About MIV

What is MIV ?

The MPEG Immersive video (MIV)  standard features the compression of immersive video content, also known as volumetric video, in which a real or virtual 3D scene is captured by multiple real or virtual cameras. It enables storage and distribution of immersive video content over existing and future networks, for playback with 6 degrees of freedom (6 DoF) of view position and orientation within a limited viewing space and with different fields of view depending on the capture setup. The camera rig may be a flat setup of co-aligned cameras, disposed linearly to allow significant lateral displacement or divergent for a large field of view adapted to a viewing with a head mounted display (HMD). Compared to a flat omnidirectional 2D video experience, MIV promises an unprecedented level of visual comfort and immersiveness.

Standardisation context and roadmap

The MIV standard is part of ISO/IEC 23090 MPEG-I, a collection of standards to digitally represent immersive media. It has reached Draft International Standard (DIS) status in the January 2021 meeting, which should correspond to a Final Draft International Standard (FDIS) to be delivered for publication to ISO as the ISO/IEC 23090-12 specification in Q3 of the same year. In 2020, the MIV standard has been aligned with the Video-based Point Cloud Compression (V-PCC) MPEG standard (ISO/IEC 23090-5) because of many technical commonalities, leading to a restructuring of both specifications. As a result, the MIV standard references the common part of ISO/IEC 23090-5 2nd edition Visual Volumetric Video-based Coding (V3C) [2] – also with DIS status  – with V-PCC an annex H of that document. V3C provides extension mechanisms for V‑PCC and MIV. Finally, SC 29/WG 03 MPEG Systems has also developed a systems standard based on ISOBMFF for the carriage of V3C data (ISO/IEC 23090-10) [3] which reached the Final Draft International Standard (FDIS) stage in January 2021.

Key design principles

The core of the MIV design is to leverage video compression technologies and its end-to-end ecosystem. Since V3C is video-codec agnostic, the MIV standard today uses HEVC technology but will be able to switch to new generation codecs seamlessly. The video compression technology applies to geometry information (depth) and attribute information such as texture and transparency. This information is generated by a process removing the redundancy between the multiple camera inputs and leading to patch atlases, such as the one figuring on the left. Diverse processes of atlas creation are possible. The MIV specification includes a number of features such as group-based encoding, Multiple Plane Image (MPI) where geometry is replaced by transparency, entity-based coding, inpainting information, spatial and temporal access, etc. Typical bandwidths ranges from a couple of Mbps to couple of tens of Mbps, as simulated in MIV reference software, and several demos with real-time decoder have been done in a broadcast or a broadband configuration. For the latter case, the Carriage of V3C data systems specification offers a way to implement mechanisms like DASH adaptive streaming strategy.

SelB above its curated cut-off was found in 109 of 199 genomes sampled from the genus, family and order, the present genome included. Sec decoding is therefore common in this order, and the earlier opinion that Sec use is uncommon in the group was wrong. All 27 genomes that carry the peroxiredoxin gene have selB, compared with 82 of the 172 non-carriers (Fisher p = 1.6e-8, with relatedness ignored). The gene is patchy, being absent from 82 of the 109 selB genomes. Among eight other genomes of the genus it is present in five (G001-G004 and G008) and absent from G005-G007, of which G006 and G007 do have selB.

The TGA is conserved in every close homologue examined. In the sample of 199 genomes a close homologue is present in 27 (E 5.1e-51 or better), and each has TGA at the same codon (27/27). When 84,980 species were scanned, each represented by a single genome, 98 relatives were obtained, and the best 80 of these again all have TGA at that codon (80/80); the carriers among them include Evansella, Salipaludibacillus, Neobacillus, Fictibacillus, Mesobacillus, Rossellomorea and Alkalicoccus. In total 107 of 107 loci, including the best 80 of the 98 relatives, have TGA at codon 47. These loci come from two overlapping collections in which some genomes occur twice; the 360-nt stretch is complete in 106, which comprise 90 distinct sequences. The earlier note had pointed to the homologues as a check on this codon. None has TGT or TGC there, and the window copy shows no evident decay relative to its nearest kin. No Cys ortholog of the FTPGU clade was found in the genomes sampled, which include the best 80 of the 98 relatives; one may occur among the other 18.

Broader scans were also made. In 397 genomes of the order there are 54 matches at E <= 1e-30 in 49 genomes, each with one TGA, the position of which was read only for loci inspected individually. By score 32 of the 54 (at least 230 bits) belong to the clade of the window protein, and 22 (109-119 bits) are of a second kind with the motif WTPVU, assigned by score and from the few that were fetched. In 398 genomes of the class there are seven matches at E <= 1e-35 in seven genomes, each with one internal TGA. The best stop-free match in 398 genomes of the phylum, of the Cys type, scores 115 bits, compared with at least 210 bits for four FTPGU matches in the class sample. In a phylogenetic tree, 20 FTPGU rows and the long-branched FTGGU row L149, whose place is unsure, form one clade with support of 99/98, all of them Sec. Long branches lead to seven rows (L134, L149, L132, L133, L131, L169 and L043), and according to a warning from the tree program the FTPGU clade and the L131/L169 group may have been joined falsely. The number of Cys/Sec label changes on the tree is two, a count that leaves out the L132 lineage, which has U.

Video-based visual volumetric coding (V3C)

V-PCC and MIV share a common bitstream format (V3C). The V-PCC and MIV specifications define a set of extensions and profiles in reference to V3C. For instance, MIV supports multiple atlases and view parameters while V-PCC supports point reconstruction data. For each atlas, geometry, occupancy and/or attribute information is carried in video sub-bitstreams in parallel with an atlas sub-bitstream that includes the patch parameters. View parameters (camera extrinsics, intrinsics, resolution, etc.) are carried in a common atlas sub-bitstream that is shared between the atlases.


The MIV standard comes with a reduced set of profiles to be adapted to different grades of bandwidth or decoding resources on the client side. Beside the Main profile based on geometry with embedded occupancy and texture and often named MVD (for multiple video + depth), another Extended profile possibly separates occupancy from geometry and may activate transparency attribute with a Restricted Geometry sub-profile allowing MPI format delivery. Finally, a last Geometry Absent profile allows the generation of geometry information at the client side.